Given a kregular graph $G$ (every vertex is of degree k), one defines its Laplace operator as $L(G)=DA=kIA$, where $I$ is identity matrix and $A$ adjacency matrix of $G$. Let $\lambda_{1}\leq \ldots \leq \lambda_{n}$ be eigenvalue of $L(G)$, are there any results on lower bound on $\lambda_{n}$. Of course, here I have in mind bounds other than a trivial one: $k\frac{n}{n1}\leq \lambda_{n}$

1$\begingroup$ Bounds in terms of what? $\endgroup$ – Igor Rivin Oct 13 '11 at 20:16

$\begingroup$ Well, there is a bound in terms of "dual" Cheeger constant, which is not really computationally useful, and not what I'm looking for. Bound in terms of n and k would be ideal. But if there exist results in terms of other magnitudes defined on graphs, I would appreciate that information as well. $\endgroup$ – Danijela Oct 13 '11 at 21:23

2$\begingroup$ If the cardinality $\alpha$ of the largest independent set of vertices is an acceptable parameter, some manipulation of the Hoffman bound improves your "trivial bound" to $\lambda_n \geq k \frac{n}{n\alpha}$. Is that useful? $\endgroup$ – Clinton Conley Oct 13 '11 at 23:21
Even though the question has been answered, I feel I should flesh out my comment into an answer. Apologies for the redundancy.
First, here's a simple proof of this special case of the Hoffman bound. Suppose $X$ is an independent set of vertices of $G$ (some call this a coclique) of cardinality $\alpha$. Let $\mathbf{x} = (x_1, \ldots, x_n)$ be the characteristic function of $X$, so $x_i = 1$ if the $i$th vertex is in $X$, and $x_i = 0$ if it isn't in $X$. Put $\mathbf{y} = \mathbf{x}  \frac{\alpha}{n} \mathbf{1}$.
Direct computation shows that $\langle \mathbf{y}, \mathbf{y} \rangle = \alpha  \frac{\alpha^2}{n}$. A slightly more bothersome calculation (using the fact that $\langle A \mathbf{x}, \mathbf{x} \rangle = 0$) shows that $$ \langle L\mathbf{y}, \mathbf{y} \rangle = k\langle \mathbf{y}, \mathbf{y} \rangle  \langle A\mathbf{y}, \mathbf{y} \rangle = k\left(\alpha  \frac{\alpha^2}{n}\right)  \left(0  2\frac{k \alpha^2}{n} + \frac{k\alpha^2}{n} \right) = k\alpha. $$ Finally, since $\langle L \mathbf{y}, \mathbf{y} \rangle \leq \lambda_n \langle \mathbf{y}, \mathbf{y} \rangle$, we see $\lambda_n \geq k \frac{n}{n\alpha}$ as desired.
Note in particular that since any graph which is regular of degree $k$ is $(k+1)$colorable, there is an independent set of cardinality at least $\frac{n}{k+1}$. Plugging this in for $\alpha$ recovers the $\lambda_n \geq k+1$ bound shown by Kevin in his answer.
We'll work with $A$, then translate our results to bounds on $L$ at the end. Suppose the eigenvalues of $A$ are $k=\alpha_1 \geq \dots \geq \alpha_n$. Since $A$ has zero trace, we have $$\alpha_1+\alpha_2+\dots+\alpha_n=0.$$ The sum of the squares of the eigenvalues is equal to $Tr(A^2)$, which counts the number of closed walks of length $2$ on $G$. There are $k$ such walks starting at each vertex, so we have $$\alpha_1^2+\alpha_2^2+\dots+\alpha_n^2=kn.$$ Now by assumption we have that every $\alpha_i$ lies in $[\alpha_n, k]$. It follows from the convexity of $x^2$ that $$kn=\alpha_1^2+\dots+\alpha_n^2 \leq n(p*\alpha_n^2+(1p)*k^2),$$ where $0\leq p\leq1$ is chosen such that $\alpha_n p + (1p) k=0=\sum \alpha_i$.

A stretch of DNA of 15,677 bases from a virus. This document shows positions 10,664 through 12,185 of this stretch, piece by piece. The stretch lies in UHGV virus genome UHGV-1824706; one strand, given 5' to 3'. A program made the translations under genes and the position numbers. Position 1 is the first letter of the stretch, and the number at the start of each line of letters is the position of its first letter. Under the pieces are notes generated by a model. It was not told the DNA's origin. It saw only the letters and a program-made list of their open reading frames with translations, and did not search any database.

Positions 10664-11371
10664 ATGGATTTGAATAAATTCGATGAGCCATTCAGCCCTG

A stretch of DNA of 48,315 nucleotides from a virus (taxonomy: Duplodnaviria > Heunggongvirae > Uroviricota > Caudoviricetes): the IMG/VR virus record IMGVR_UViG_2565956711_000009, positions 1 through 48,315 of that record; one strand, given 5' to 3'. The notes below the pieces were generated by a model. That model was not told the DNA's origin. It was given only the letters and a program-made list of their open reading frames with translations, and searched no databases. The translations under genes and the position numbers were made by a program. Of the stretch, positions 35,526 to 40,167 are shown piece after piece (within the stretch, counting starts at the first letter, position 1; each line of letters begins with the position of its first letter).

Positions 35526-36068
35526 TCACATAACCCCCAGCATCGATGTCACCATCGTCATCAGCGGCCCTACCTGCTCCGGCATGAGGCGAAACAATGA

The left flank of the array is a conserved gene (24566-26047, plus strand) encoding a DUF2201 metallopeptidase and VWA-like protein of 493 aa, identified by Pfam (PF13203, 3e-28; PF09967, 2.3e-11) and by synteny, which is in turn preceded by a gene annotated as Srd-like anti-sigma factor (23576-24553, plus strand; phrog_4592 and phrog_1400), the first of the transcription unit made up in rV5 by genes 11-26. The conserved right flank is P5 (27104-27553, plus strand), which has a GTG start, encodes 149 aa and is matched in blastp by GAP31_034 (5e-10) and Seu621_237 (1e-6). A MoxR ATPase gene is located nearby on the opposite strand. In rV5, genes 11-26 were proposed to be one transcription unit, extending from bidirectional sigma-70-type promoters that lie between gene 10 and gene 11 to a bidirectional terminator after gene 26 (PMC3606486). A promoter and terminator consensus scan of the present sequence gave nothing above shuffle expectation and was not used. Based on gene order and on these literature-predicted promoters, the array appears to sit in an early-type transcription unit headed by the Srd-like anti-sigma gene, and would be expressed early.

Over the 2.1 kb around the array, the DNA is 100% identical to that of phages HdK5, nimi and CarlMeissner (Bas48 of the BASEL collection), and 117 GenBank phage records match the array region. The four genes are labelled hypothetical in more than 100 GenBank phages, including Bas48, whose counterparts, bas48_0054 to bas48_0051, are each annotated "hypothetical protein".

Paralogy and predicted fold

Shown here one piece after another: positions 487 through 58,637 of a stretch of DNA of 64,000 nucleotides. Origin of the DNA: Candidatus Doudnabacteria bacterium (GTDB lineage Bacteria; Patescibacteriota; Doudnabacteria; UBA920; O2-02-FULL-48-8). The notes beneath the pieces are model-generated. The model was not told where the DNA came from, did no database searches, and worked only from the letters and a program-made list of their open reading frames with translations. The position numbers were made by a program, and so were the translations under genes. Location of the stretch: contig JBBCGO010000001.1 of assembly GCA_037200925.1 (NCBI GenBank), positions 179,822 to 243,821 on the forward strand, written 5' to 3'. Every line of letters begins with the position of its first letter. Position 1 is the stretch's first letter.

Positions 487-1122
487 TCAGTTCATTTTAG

Direct computation gives that $p=\frac{k}{k\alpha_n}$. Plugging this into the above equation and solving for $\alpha_n$ gives $\alpha_n^2 \geq 1$, so $\alpha_n \leq 1$. Translating back to the Laplacian gives $\lambda_n \geq k+1$ independent of $n$.
This is tight for the case where $G$ consists of the union of disjoint copies of $K_{k+1}$. If you have more information on the structure of $G$, you may be able to get a better bound by translating that into a bound on the number of closed walks of length $3$ or $4$ on $G$ (the sum of $\alpha_i^3$ or $\alpha_i^4$).
An alternative argument which might provide better bounds in some cases is to use interlacing: If $H$ is any induced subgraph of $G$, the minimal (adjacency) eigenvalue of $H$ is at least as large as the minimal (adjacency) eigenvalue of $G$. For example, if $G$ contains a vertex not contained in any triangle, then you can take $H$ to be the $k$star induced by that vertex and its neighborhood to get a $k+\sqrt{k}$ bound on $\lambda_n$.

$\begingroup$ Thanks, the first bound works nicely for my case. Could you give me a reference for the interlacing results you mention? $\endgroup$ – Danijela Oct 14 '11 at 9:40

$\begingroup$ Section 2 of Willem Haemer's "Interlacing Eigenvalues and Graphs" (arno.uvt.nl/show.cgi?fid=2980 ) gives a short proof (the result itself goes back much further). The later sections of that paper also give many other applications of interlacing that may also be useful in getting bounds for your problem. $\endgroup$ – Kevin P. Costello Oct 14 '11 at 20:34

$\begingroup$ I see. Its nothing but a Cauchy interlacing theorem. $\endgroup$ – Danijela Oct 15 '11 at 15:08
$\lambda_n = k  \mu_1$, where $\mu_1$ is the least (most negative) eigenvalue of the adjacency matrix. That eigenvalue is well studied, so that is where to search. For example $\mu_1\le 1$, hence $\lambda_n\ge k+1$, and all graphs with $\mu_1\ge 2$ are known. They include all line graphs, so $k+1\le\lambda_1\le k+2$ for all regular line graphs. On the other hand, $\lambda_1\le 2k$ with equality iff $G$ is bipartite.
There are references to more bounds here, see the end of page 57.